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Norwegian pelagic exports reduced in 2015

Press release   •   Jan 05, 2016 10:02 UTC

Norway exported pelagic fish worth NOK 6.9 billion in 2015. A decrease of 7 percent from the year before.

Norway exported mackerel worth NOK 3.8 billion in 2015. This is a decrease of 7 per cent year-on-year. NOK 2.4 billion worth of herring was exported in 2015. This is a decrease of 12 per cent from the year before.

The Netherlands was the largest export market for pelagic fish in 2015, followed by Japan and China.

"The reduced export value for pelagic fish is a result of lower quotas for both herring and mackerel, while at the same time Norway is encountering trade restrictions in several important pelagic markets. Prices have risen on herring and mackerel, but the increase has not been large enough to compensate for the reduced volume," says Paul Aandahl, Analyst with the Norwegian Seafood Council.

Japan was the largest importer of mackerel

Japan was the largest export market for mackerel from Norway in 2015, at NOK 715 million. This is a decrease of 12 per cent from 2014. For China, which is the next largest market, exports declined by 35 per cent to NOK 518 million.

Sales of mackerel to the Netherlands, which is an important transhipment market for pelagic fish, increased by 35 per cent to NOK 492 million in 2015.

A total of 344,000 tonnes of frozen mackerel was exported in 2015, which is 11 per cent less than the year before. The average price achieved for frozen whole mackerel was NOK 10.60 per kg in 2015. This is an increase of 4 per cent from 2014.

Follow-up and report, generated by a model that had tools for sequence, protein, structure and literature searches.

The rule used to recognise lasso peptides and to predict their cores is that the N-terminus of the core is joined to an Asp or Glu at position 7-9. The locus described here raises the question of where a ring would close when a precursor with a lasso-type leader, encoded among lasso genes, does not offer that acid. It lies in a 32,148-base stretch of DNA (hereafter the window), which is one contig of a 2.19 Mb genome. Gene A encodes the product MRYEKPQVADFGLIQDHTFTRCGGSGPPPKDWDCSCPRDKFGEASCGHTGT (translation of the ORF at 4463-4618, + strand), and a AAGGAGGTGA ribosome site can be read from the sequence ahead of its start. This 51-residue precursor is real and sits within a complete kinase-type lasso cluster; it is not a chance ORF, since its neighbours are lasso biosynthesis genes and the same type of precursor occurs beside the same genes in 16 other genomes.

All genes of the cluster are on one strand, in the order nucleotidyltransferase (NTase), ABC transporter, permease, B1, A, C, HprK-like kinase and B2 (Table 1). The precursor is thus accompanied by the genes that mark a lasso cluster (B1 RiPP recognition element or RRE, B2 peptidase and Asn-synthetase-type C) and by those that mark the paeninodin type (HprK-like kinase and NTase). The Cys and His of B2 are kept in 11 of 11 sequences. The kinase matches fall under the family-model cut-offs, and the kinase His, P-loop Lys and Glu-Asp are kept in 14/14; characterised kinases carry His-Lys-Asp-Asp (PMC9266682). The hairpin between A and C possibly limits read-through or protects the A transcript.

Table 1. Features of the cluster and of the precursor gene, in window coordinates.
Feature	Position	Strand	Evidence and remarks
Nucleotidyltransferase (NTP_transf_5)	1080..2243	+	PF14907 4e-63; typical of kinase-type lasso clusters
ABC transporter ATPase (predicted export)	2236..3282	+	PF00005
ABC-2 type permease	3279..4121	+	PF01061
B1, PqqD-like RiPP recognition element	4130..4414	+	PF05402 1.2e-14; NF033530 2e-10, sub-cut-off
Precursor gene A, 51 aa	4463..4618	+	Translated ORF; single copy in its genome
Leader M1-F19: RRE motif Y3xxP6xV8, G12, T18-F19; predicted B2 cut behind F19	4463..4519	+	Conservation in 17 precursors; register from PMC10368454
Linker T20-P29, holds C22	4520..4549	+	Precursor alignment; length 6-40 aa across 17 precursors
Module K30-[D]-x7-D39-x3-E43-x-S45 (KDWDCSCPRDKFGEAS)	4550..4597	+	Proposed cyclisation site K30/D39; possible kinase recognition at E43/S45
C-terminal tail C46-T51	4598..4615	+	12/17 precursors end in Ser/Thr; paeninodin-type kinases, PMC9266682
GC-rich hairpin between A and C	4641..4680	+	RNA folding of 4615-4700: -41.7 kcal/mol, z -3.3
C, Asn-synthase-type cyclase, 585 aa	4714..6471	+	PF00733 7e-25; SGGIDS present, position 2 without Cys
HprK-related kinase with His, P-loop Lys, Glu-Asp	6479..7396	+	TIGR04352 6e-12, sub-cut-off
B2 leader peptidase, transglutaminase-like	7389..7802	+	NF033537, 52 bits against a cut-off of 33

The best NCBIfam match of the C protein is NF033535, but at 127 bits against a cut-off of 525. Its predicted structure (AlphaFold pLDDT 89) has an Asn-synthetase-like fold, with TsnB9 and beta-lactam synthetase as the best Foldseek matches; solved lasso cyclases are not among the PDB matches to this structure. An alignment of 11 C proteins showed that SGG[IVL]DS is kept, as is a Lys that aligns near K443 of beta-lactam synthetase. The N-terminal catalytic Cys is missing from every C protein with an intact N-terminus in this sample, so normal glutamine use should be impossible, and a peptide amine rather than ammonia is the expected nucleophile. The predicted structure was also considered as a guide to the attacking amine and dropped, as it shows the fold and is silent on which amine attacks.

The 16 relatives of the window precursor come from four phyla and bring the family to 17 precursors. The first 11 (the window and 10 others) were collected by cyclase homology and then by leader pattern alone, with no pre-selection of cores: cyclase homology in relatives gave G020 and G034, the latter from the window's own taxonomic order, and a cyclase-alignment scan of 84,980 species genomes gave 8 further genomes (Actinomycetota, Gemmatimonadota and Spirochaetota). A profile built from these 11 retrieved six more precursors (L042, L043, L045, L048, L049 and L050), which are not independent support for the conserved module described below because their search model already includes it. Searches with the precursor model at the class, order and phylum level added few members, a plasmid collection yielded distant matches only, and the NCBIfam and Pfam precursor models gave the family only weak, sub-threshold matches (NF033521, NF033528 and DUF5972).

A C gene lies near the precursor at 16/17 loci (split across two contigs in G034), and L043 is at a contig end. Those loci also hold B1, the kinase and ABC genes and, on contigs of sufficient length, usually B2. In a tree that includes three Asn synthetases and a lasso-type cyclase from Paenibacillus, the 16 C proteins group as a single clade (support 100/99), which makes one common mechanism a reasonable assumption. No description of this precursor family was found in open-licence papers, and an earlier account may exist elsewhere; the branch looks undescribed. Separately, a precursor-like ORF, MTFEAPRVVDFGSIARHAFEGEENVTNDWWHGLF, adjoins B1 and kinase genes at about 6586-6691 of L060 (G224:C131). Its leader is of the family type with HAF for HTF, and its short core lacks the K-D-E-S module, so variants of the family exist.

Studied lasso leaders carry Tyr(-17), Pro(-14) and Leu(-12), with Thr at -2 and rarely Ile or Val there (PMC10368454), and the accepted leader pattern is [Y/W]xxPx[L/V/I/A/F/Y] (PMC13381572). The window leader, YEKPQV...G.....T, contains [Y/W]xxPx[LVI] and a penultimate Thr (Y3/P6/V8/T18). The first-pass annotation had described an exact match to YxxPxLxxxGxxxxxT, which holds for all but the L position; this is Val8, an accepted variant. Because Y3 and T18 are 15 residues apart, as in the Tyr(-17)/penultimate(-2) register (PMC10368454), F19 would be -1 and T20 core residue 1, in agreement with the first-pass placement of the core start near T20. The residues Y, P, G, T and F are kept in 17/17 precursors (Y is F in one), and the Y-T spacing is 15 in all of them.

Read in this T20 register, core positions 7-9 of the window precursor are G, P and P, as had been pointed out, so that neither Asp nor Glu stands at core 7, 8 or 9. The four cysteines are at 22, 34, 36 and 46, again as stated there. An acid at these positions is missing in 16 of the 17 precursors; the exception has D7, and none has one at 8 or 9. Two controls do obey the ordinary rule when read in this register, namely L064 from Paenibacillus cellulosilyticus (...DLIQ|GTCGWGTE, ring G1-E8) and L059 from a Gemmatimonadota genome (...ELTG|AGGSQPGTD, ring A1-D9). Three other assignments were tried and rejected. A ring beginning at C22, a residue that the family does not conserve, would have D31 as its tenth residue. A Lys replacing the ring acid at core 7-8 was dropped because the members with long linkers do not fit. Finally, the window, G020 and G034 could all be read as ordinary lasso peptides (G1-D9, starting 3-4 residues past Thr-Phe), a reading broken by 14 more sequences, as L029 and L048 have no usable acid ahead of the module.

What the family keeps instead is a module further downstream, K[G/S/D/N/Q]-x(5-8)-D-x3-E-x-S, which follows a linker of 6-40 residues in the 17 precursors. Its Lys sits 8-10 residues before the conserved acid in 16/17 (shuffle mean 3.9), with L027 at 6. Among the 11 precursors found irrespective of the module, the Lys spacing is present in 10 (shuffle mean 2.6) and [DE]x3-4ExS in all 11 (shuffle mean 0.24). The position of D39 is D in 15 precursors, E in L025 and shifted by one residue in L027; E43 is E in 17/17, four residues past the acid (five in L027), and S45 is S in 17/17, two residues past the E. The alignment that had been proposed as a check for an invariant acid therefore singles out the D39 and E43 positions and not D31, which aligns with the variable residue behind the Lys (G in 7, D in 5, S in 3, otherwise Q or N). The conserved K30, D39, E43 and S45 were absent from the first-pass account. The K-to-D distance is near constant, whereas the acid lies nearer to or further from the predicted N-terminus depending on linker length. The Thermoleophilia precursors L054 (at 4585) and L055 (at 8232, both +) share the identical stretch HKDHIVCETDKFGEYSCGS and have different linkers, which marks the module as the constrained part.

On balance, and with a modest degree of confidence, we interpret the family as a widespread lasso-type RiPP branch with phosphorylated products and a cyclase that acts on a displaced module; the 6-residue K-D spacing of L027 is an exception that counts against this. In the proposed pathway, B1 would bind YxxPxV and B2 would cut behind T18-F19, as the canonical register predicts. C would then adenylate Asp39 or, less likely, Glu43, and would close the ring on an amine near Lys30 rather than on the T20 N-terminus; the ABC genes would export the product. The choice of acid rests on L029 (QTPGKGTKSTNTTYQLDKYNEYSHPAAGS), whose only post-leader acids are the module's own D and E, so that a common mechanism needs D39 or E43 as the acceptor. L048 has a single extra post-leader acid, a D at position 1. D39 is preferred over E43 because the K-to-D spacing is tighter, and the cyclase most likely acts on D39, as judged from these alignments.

Germany was the largest herring market

Germany was the largest market for Norwegian herring in 2015. Norway exported NOK 347 million worth of herring to Germany in 2015. In addition, NOK 283 million worth of herring was exported to Poland and NOK 272 million to Lithuania. 

The Norwegian Seafood Council works with the Norwegian fisheries and aquaculture industries to develop markets for Norwegian seafood through local market intelligence, market development and reputational risk management. The Seafood Council is headquartered in Tromsø and maintains local representatives in twelve of Norway's most important international markets. The Norwegian seafood industry finances the activities of the Norwegian Seafood Council via a tariff on all Norwegian seafood exports.

The Norwegian Seafood Council is a public company owned by the Ministry of Trade, Industry and Fisheries.

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